In my state, the jury foreman is decided by chance -- whoever is the first juror selected is the foreman. Guess who was Juror Number 1?
It was a criminal case with four separate charges, two of them turning on whether there was force or threat of immediate use of force. Listening to the other jurors deliberate and taking part in the process was fascinating.
Some people's minds were probably made up before we heard any evidence, some people took quite a while to make up their minds. Some people were relentlessly logical and walked through their reasoning again and again, others just stated their position and checked out of the discussion.
One thing that surprised me was how good the group was at ignoring things that weren't in evidence, even though we knew about them. We distinguished what the lawyers said from the evidence, we assessed credibility and assigned weight, we focused on who had the burden of proof and what the standard was.
We actually explicitly agreed that it did not matter to us whether the defendant had done something like this before or was likely to in the future, we did not care if he was going to "learn a lesson" or anything else like that. Perhaps somewhat to my surprise, we kept strictly within the rules of deciding the facts of each event completely on their own, and letting the chips fall where they may. I'm pretty sure we all knew what the stakes were, and how likely it was that this guy had a heck of a lot to lose if he got convicted of a felony or he would have pled out, but we were very clear on which elements of the crime were met and where the state had just not quite fulfilled its burden, and why. The defendant himself, his circumstances, his personality, our (not at all complimentary) opinions of him as a person -- none of that mattered in the slightest.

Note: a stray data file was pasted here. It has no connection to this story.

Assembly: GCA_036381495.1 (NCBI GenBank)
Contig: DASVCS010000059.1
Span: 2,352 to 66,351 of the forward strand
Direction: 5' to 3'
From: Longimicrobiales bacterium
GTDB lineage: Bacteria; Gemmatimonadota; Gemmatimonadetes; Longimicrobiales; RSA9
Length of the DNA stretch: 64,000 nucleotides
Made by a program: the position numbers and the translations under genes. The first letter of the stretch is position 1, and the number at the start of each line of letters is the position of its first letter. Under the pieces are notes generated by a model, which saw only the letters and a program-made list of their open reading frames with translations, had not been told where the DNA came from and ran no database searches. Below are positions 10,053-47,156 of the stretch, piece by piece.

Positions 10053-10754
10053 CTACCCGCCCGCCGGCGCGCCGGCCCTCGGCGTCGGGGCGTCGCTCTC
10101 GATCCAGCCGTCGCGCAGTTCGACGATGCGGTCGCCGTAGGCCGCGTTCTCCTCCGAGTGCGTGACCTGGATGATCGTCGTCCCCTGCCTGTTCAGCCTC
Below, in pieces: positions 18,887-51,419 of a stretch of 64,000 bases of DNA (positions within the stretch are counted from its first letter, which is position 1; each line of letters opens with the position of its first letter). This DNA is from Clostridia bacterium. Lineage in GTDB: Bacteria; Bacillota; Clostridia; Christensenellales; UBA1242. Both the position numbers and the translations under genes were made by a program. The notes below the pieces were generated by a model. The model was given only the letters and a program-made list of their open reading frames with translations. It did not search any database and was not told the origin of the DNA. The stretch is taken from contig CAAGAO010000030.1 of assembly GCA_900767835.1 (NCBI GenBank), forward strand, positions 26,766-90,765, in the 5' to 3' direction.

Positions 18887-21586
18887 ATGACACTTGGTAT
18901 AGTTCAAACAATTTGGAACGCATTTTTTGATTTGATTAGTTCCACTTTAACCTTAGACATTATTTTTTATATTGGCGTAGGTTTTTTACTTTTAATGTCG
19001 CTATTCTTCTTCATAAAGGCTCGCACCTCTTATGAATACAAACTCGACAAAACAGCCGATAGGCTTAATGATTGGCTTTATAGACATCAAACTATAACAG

Another thing that surprised me was how good we were as a group at remembering the evidence. We asked for some to be played back where we weren't 100% sure and it was very, very important, but the testimony pretty much confirmed our memories.
Incidentally, we were a very respectful jury. We didn't make any personal attacks even when it was clear where we disagreed. It was a long and difficult afternoon, but it was cordial.
Things I learned, true at least for this trial and maybe more broadly:
- Attorneys can look like idiots to the jury when they're unprepared, can't find exhibits or papers, their assistant can't find things for them, and they call witnesses they really, really shouldn't call. But the jury won't care, and the lawyer's idiocy will not weigh one way or the other in the jury's discussion of the evidence.
- The jury notices when one side attempts to lump unlike things together. And the jury doesn't like it.
- Along similar lines, the jury notices word games and subtle physical acts intended to shade the evidence. The jury doesn't like any of that either, and won't go along with it.
- The jury is not swayed by the defendant's decision not to testify or even not to present any evidence. That's not taken as a sign of guilt.
- The jury pays attention and understands when the judge says something is not evidence. If it's mentioned in deliberations, it's then excluded from the reasons for convicting or not convicting.
- That even goes for hearsay.
- Video evidence can backfire, especially if the quality is poor. If the jury decides it doesn't show what you say it shows, the video undermines your credibility about everything.
- What lawyers say is not taken as evidence. The jury hears it and remembers it, but doesn't take it as fact.
- Openings are important, closings much less so.
- Voir dire is an opportunity not to be missed to get the jurors interested and engaged, but see #1, getting the jurors to like you doesn't win your case.
- Jurors will wonder why key witnesses or central evidence appears to be missing. They won't necessarily base their decision on what's missing, but they'll notice.
- If you have video evidence for almost everything, some jurors will want it for absolutely everything. See also #7.